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Jewish Chronicle editor: ‘The Corbyn years have finally closed’

David Rose joined JI’s podcast to discuss antisemitism in the United Kingdom

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David Rose

On this week’s episode of Jewish Insider’s podcast, British journalist David Rose, the politics and investigations editor at the Jewish Chronicle in London, joins co-hosts Rich Goldberg and Jarrod Bernstein for a conversation on the U.K.’s legislative fight over BDS and the IRGC, antisemitism in England, the Labour party and Israel’s relationship with the U.K.

Below are excerpts from the conversation. This interview has been edited and condensed for clarity.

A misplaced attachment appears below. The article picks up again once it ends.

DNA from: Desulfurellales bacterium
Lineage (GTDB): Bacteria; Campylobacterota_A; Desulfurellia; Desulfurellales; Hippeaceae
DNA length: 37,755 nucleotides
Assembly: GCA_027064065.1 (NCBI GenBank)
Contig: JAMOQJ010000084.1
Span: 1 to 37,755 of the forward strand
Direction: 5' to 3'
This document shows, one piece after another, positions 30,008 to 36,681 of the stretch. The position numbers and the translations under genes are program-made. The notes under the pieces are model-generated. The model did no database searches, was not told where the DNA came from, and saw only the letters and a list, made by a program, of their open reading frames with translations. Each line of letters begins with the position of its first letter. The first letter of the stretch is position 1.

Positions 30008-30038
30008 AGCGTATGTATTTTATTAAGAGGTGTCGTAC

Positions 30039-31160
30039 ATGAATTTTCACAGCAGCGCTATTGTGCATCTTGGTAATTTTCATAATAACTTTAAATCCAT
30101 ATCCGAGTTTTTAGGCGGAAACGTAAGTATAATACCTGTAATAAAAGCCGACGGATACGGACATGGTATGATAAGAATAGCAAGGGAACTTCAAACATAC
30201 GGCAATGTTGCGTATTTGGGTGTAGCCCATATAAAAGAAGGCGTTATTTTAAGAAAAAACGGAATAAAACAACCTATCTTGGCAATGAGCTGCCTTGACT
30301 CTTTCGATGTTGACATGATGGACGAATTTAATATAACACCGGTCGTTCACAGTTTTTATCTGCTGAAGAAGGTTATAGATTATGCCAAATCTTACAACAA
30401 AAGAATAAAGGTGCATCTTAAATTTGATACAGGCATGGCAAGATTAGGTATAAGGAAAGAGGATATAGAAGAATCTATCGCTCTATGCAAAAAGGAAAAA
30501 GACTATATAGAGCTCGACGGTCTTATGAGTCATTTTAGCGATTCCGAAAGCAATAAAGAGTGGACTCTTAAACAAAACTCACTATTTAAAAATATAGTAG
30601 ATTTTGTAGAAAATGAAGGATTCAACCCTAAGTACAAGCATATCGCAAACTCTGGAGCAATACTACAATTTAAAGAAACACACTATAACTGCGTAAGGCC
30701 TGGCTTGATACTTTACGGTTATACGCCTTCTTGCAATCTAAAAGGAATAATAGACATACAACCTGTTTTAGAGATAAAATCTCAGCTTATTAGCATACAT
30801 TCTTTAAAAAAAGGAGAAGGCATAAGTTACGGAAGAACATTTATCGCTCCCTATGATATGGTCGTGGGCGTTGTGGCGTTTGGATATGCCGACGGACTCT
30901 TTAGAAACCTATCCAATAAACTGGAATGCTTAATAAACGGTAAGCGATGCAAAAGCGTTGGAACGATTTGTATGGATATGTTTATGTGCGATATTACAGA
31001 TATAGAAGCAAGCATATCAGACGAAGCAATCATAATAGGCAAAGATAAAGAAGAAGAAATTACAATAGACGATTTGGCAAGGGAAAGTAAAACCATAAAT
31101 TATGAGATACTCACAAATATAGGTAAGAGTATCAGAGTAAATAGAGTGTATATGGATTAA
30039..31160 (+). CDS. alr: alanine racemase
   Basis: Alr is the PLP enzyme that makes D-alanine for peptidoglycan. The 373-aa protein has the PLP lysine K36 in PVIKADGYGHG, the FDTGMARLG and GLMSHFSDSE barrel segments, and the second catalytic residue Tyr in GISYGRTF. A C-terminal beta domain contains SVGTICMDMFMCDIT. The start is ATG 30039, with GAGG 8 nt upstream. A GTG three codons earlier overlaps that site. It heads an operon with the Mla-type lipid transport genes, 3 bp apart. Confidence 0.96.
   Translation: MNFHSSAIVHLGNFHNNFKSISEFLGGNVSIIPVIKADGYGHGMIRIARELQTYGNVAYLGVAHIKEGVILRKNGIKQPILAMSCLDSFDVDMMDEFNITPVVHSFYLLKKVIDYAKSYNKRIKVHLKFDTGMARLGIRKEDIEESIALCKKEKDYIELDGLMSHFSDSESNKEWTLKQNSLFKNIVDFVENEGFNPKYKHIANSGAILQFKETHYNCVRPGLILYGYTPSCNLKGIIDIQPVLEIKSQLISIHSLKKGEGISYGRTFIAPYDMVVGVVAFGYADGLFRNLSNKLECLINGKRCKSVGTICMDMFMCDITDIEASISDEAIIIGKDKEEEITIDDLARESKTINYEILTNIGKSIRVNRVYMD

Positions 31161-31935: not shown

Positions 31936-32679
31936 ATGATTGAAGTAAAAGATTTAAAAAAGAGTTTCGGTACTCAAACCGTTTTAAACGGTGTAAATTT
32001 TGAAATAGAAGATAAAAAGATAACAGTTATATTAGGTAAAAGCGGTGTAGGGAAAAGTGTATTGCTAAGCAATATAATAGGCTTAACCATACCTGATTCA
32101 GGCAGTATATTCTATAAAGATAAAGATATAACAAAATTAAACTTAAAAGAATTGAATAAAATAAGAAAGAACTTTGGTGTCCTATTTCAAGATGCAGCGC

On how the British government should treat the IRGC: “I have absolutely no doubt that the legal tool that the government needs, and this is very much the view of Tom Tugendhat, security minister, and Suella Braverman, the Home secretary, is that what we should do is prescribe the IRGC [Islamic Revolutionary Guard Corps] in its entirety as a terrorist organization. It’s a bit stronger than merely designating it, as in the U.S., as a state sponsor of terrorism. It means that we’re actually saying, ‘This is a terrorist organization,’ which of course it clearly is. Now, if that were to be enacted, that would give tremendously powerful tools to law enforcement to go after both the organizations that are Iranian-sponsored and people who support them. If you designate an entity as a terrorist organization under our Terrorism Act passed in 2000, it means that to espouse, share, disseminate its ideology, is in and of itself a criminal offense. I mean, we have sanctions against these named universities, we have sanctions also against Iran covering a whole host of both military and dual-use technologies, but it’s quite difficult to get a prosecution under that set of laws. Prescription of the IRGC as a terrorist organization means that anybody doing business with any entity that had a connection with the IRGC would also be committing a criminal offense. So it would stop the academic collaborations in their tracks.”